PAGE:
Port of Rotterdam Authority and RRP launch joint study into Delta Corridor pipelines between the Netherlands and Germany
This week, the Port of Rotterdam Authority and Rotterdam Rijn Pijpleiding Maatschappij (RRP) will be starting on a joint feasibility study regarding the development and construction of pipelines for various product streams, e.g. hydrogen (H2) between Rotterdam, the Chemelot (Limburg) industrial estate and North Rhine-Westphalia. This pipeline bundle could strengthen the port of Rotterdam’s strategic position in Northwest Europe, offers Chemelot (Limburg) further sustainability opportunities and could potentially develop into an important supply route for German industry which has committed to the further reduction of its carbon emissions.
The study will be executed by a joint project team formed by the Port of Rotterdam Authority and RRP (shareholder Shell, Ruhr Oel and bp), working in partnership with various Dutch Ministries: the Ministry of Infrastructure and Water Management, Economic Affairs, as well as the Interior and Foreign Affairs. The project team intends to develop a public-private partnership within the chain that will also be open to other parties.
Ambitious German transition plan
The project team will be building on the results of an initial study into the proposed pipelines performed by the Port Authority, Chemelot (Limburg) and the Dutch state under the header ‘Delta Corridor’. This study also yielded positive indications regarding the possible reinforcement of West-East connections – provided there is a strong enough increase in demand at the German end.
And this now appears to be the case, with Germany’s presentation this year of an ambitious transition plan that involves a total investment value of 9 billion euros. In this plan, a significant share of the associated hydrogen import flows could run via Rotterdam. This hydrogen will be used as both an energy carrier and a feedstock for e.g. petrochemical production and the steel industry.
The Port Authority-RRP team will be focussing on the technical and commercial aspects of the pipelines used to transport hydrogen, CO2, LPG and propane to various industrial clusters and companies in the Netherlands and Germany. In principle, these pipelines will be developed on a ‘common carrier’ basis – allowing a range of different parties to take advantage of the connections. The underground pipelines will not only facilitate the supply of products that contribute to sustainability; they will also reduce the demand for the transport of said products by rail.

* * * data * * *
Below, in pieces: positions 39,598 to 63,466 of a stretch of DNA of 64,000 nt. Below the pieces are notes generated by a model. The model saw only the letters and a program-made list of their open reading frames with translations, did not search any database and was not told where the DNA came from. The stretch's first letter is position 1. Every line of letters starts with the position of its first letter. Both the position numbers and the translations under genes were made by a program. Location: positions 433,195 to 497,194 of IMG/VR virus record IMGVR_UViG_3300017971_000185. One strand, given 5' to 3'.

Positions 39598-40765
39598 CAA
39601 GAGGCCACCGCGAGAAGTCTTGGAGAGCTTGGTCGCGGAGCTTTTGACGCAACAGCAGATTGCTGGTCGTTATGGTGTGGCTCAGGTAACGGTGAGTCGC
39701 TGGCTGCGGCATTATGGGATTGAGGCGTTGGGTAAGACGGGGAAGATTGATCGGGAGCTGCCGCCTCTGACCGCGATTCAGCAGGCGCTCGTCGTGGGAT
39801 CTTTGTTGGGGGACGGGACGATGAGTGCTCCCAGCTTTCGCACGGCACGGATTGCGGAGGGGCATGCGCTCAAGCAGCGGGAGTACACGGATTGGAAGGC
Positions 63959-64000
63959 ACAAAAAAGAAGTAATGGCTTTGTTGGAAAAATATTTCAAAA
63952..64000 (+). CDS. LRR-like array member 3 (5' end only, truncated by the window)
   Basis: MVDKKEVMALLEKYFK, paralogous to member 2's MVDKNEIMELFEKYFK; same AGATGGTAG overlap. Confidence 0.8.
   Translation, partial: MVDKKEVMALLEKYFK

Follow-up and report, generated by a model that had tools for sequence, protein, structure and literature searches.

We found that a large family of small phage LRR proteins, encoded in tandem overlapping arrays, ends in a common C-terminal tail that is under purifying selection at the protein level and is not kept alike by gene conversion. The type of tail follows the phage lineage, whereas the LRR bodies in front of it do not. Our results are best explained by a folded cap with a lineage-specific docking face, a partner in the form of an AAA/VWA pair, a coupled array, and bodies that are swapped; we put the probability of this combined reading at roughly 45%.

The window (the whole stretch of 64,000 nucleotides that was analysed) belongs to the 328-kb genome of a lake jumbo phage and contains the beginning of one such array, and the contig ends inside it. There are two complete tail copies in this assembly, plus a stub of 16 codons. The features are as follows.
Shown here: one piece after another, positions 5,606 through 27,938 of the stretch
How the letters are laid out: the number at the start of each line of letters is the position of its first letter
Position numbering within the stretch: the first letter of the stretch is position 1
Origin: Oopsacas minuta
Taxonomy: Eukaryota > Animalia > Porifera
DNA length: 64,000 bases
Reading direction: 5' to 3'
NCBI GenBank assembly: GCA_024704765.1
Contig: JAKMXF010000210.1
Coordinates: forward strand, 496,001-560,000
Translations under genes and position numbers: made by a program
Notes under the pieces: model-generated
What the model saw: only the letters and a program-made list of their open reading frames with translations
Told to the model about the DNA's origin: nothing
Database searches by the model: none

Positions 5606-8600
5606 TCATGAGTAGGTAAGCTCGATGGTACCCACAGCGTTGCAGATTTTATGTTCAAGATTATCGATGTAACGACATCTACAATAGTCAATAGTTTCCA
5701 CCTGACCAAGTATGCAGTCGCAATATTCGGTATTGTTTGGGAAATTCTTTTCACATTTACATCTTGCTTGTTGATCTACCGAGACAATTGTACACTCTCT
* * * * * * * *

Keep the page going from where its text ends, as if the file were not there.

Edwin van Espen, Manager Delta Corridor for the Port of Rotterdam Authority, explains the potential importance of this venture: “We can see growing pressure for a timely implementation of the agreed climate goals. The Delta Corridor will prove particularly important to Dutch and German industrial clusters when it comes to implementing their programmes. As such, this project can make a concrete contribution to the development of a sustainable economy, prosperity and employment. In addition, it will have a positive effect on the livability of the areas along the railway tracks, as an underground pipeline corridor will diminish the use of the railway system for the transport of these goods.“
Rotterdam’s import role
To meet the rising demand for renewable energy – and particularly hydrogen – Rotterdam has entered into a series of partnerships over the past few months with a growing number of countries, including Portugal, Morocco, Oman, Australia, Chile, Brazil and Canada. Rotterdam will be taking advantage of its role as a major import hub to develop and consolidate its position as Northwest Europe’s leading energy port in the longer term. A strong position in this sector will create significant economic benefits for the Netherlands as a whole.
The proposed route of the Delta Corridor runs from Rotterdam via Moerdijk, Tilburg and Venlo to Chemelot (Limburg) and North Rhine-Westphalia. Since the combined construction of a variety of pipelines could yield substantial synergies, the team will not only be mapping out potential suppliers and clients, but also examining to which extent there may be a demand for additional pipelines and power cables that can be added to the proposed bundle. In addition, the study will be looking into opportunities to link other industrial clusters in the Netherlands and Belgium to the corridor.
A substantial length of the proposed corridor actually runs along the existing route of various RRP pipelines. Since the 1960s, these pipelines have been used to transport tens of millions of tonnes of materials and products between Rotterdam and the German state of North Rhine-Westphalia.
Rotterdam Rijn Pijpleiding Maatschappij N.V. (RRP)
RRP owns two pipeline systems with a total length of 457 kilometres for the transport of crude oil from Rotterdam to refineries in western Germany and products (diesel, heating oil, jet fuel and naphtha). Shareholders of RRP are Shell, Ruhr Oel and bp.
RRP can take in crude oil from the large tank terminals in the Botlek, Europoort and Maasvlakte as well as products from two refineries in the Rotterdam area. The crude oil is pumped to Venlo, where RRP has a tank terminal. From there it is pumped to the German refineries in Gelsenkirchen and Cologne. The products are pumped from the Rotterdam refineries to the Dutch/German border. There it is handed over to the Rhein-Main-Rohrleitung (RMR-GmbH), which further transports the products to various terminals and chemical companies in Germany. The system has an annual transport capacity of approximately 25 million tonnes of crude oil and approximately 10 million tonnes of products.